Kevurah was at New Montefiore Jewish Cemetery in West Babylon, New York.


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  1. BDE As someone now in my 50’s I grew up with Jewish Press. The first things I read each week was I remember when and the middle page (not necessarily in that order) Although I moved on to other Jewish weeklies I still got to read from time to time when I go to visit my in laws. He will be missed.

  2. I think that as a tribute we should mention his jokes – or at least the punch lines.

    I’ll go first – “What are you whispering for?
    She’s deaf too!”

  3. to # 1
    who cares

    for those of us who grew up in the sixties and seventies

    he was someone with a big jewish heart that spoke to all of us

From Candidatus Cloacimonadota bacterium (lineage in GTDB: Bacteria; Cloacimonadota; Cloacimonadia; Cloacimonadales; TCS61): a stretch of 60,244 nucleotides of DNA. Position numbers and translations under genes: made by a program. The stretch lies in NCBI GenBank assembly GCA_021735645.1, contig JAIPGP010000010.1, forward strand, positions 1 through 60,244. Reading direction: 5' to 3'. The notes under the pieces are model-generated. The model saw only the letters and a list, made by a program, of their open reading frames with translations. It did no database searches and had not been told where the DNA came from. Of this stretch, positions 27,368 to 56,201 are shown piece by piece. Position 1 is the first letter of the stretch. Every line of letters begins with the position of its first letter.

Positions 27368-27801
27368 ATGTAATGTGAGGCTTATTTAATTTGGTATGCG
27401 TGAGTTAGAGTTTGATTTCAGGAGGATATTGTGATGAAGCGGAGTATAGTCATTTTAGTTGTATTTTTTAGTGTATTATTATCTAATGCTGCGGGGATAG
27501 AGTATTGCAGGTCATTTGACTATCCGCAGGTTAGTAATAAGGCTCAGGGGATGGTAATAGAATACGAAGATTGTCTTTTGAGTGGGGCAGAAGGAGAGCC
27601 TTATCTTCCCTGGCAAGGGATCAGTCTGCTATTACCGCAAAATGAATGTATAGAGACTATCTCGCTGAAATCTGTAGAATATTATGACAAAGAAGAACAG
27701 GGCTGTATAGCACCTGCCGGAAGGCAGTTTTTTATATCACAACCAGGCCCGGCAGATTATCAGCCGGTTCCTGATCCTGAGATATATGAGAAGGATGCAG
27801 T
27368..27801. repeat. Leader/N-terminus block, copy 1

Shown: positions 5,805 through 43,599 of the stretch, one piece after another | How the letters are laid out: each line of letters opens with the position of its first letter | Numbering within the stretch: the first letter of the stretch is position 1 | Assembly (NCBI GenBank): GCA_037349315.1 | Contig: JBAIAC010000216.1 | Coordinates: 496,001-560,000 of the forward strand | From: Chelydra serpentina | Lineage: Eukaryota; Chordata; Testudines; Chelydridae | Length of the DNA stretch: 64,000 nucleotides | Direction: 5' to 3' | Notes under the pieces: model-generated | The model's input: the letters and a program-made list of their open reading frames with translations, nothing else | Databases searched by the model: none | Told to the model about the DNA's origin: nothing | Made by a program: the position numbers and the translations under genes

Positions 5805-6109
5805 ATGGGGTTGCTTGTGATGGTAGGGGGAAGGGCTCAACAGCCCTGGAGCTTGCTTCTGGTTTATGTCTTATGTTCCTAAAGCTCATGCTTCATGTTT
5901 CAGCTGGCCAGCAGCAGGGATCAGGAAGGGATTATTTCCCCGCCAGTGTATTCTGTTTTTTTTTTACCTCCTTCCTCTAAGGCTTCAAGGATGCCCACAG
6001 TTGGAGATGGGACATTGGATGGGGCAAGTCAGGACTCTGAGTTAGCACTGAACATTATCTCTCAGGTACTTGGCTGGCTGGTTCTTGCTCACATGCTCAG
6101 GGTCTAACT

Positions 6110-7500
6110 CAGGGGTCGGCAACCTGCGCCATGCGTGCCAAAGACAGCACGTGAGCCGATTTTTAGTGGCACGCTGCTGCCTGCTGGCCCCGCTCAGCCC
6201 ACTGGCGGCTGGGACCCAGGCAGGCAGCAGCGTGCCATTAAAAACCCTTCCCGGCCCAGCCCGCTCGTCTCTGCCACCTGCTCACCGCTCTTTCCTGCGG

he will be missed

    frum is between him and his maker!

  4. I am among the many thousands of Jews who used to read his column first, in the days before Hamodia , Yated and all the helpful publications since. BTW: if you have never tried to produce an interesting and relevant piece for weekly publication of any kind, don’t knock Arnold Fine’s efforts, especially because his heart was aimed at Jews. I know from experience.

  5. I used to enjoy his columns in my youth. He was modern orthodox.
    The old type American yid. He grew up in a frum house, from all the
    stories he had told